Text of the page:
"This Extended Producer Responsibility (EPR) law gives residents and businesses a convenient opportunity to clean out their homes and offices of electronics, and the knowledge that it is being recycled safely and properly to protect the `aina and our drinking water," said Craig Kawaguchi, Recycling Coordinator for the County of Hawai`i.
Read the full Hawai`i County press release here.
by Daryl Huff
HONOLULU (HawaiiNewsNow) - Hawaii is implementing one of the most ambitious electronic waste recycling plans in the country, but some Hawaii retailers are afraid it will mean higher prices and less selection.Ironically, Hawaii has no ability to recycle electronic devices.
Instead, the material has to be collected and shipped to processing centers elsewhere.
The goal of the new law is to have manufacturers collect and ship out more and more of the used-up products.
... State Rep. Nicole Lowen, chair of the Energy and Environmental Protection Committee, was among the lead advocates for the law. She said putting the full responsibility on the manufacturers will incentivize them to pay more attention to the waste their industry is generating.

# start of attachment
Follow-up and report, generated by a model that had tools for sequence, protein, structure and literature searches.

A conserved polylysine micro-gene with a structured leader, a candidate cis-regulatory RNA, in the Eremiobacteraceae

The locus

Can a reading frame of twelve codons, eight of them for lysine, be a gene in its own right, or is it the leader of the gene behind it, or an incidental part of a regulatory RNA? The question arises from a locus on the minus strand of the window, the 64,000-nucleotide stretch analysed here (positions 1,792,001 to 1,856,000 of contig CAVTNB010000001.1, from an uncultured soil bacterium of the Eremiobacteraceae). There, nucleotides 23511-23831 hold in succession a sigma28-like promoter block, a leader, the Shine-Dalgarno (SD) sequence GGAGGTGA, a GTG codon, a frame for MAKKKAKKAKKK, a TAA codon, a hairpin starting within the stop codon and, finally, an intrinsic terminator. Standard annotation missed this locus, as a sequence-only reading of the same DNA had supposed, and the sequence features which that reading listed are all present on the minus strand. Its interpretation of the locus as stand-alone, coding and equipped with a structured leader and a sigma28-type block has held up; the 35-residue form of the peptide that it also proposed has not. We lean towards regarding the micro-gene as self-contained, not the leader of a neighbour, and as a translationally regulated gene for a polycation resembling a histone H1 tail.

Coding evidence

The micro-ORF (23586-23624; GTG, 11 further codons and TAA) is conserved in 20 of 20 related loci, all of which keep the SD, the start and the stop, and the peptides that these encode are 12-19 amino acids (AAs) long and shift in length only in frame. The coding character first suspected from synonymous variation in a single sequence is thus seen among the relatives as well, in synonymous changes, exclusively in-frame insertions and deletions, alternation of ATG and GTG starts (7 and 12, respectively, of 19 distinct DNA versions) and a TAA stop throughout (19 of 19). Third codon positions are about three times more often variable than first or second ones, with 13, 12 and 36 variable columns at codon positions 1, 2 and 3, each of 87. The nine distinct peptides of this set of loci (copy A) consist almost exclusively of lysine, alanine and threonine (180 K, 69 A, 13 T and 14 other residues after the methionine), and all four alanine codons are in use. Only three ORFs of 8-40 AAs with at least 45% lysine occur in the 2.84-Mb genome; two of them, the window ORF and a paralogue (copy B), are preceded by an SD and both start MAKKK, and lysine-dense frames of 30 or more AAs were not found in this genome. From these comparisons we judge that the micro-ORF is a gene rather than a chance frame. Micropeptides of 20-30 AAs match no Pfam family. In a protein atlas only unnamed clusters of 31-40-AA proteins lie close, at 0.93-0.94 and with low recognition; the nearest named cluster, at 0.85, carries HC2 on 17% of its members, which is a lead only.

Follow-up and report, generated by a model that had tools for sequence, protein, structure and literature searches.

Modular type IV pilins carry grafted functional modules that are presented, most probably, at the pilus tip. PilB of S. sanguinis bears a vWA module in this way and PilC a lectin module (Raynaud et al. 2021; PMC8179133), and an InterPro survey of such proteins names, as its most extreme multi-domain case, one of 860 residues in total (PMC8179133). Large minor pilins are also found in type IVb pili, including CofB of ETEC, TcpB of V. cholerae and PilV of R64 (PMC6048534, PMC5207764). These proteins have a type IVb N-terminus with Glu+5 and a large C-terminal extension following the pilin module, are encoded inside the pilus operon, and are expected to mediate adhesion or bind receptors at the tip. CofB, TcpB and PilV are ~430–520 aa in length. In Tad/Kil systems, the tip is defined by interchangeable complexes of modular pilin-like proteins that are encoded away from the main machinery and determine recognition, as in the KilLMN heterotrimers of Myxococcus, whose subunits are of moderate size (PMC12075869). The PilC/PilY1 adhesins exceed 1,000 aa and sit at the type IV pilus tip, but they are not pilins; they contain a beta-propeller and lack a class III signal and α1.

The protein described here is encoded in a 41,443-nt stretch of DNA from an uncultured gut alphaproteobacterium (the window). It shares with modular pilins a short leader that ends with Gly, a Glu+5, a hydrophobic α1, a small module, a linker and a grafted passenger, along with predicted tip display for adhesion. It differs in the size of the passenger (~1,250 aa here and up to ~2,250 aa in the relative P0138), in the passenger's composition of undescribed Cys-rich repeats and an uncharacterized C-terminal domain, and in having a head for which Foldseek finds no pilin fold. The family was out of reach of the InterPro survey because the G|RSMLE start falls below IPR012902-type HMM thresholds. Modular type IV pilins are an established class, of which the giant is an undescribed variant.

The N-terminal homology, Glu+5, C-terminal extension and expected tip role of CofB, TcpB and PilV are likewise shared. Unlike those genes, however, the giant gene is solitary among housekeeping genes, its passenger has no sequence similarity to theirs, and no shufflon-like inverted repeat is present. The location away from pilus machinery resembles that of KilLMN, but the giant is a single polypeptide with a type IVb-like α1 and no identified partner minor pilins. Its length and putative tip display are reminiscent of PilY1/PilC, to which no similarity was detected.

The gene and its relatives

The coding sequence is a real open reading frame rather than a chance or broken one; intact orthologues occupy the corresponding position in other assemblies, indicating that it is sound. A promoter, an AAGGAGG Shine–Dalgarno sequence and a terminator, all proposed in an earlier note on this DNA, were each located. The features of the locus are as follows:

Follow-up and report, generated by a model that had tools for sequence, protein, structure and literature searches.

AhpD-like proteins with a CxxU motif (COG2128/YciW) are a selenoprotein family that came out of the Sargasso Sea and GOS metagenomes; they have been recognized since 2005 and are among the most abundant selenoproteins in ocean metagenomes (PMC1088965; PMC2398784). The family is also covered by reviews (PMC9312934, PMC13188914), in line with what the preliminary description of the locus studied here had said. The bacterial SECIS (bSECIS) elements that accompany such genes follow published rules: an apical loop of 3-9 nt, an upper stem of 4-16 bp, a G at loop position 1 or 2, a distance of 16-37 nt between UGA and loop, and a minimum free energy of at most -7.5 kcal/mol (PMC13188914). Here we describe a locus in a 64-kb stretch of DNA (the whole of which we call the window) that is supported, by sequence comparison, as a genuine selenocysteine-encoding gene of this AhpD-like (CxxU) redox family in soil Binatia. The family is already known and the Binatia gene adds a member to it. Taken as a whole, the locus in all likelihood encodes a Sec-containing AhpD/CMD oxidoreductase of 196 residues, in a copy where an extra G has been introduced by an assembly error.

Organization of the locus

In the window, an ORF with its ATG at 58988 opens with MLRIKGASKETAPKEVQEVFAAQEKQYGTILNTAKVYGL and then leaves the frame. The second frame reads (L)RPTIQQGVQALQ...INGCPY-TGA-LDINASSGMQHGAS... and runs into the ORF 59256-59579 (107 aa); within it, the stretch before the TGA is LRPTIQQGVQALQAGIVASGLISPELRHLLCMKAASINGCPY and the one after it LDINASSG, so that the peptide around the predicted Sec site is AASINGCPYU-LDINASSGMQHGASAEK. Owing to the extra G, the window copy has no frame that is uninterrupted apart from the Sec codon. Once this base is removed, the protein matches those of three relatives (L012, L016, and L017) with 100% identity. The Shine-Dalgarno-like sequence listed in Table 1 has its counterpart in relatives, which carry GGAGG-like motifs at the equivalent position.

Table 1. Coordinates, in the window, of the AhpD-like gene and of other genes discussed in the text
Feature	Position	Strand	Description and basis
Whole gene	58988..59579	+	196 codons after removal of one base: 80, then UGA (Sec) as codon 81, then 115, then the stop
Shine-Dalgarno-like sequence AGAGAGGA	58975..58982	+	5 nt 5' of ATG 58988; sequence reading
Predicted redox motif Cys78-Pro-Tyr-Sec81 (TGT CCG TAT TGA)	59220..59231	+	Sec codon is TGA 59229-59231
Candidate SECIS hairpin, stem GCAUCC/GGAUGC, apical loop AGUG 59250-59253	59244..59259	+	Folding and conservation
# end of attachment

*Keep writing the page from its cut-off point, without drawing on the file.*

“We are pushing them to rethink the design packaging, distribution systems of their products and create more efficiency, for the reuse and recycling of those products or the materials that they contain,” Lowen said.
Updates & Improvements to Hawai`i Electronic Device Recycling and Recovery Signed into Law by Gov. Ige
The original version of the act, in effect from 2010, set recycling targets only for televisions and provided limited funding for electronic device recycling targets for manufacturers.
This revision provides updates and improvements that benefit Hawai`i Island, including: Establishing recycling (and reuse) goals for manufacturers of electronic devices, based on their sales from two years' prior; Requiring manufacturers to fully fund their recycling plans; Strengthens convenient collection at no cost to device owners, including monthly collection in Kona and Hilo. Read the full text of Act 151. For more information on the County's restructured free residential electronic waste collection program, visit the County's website.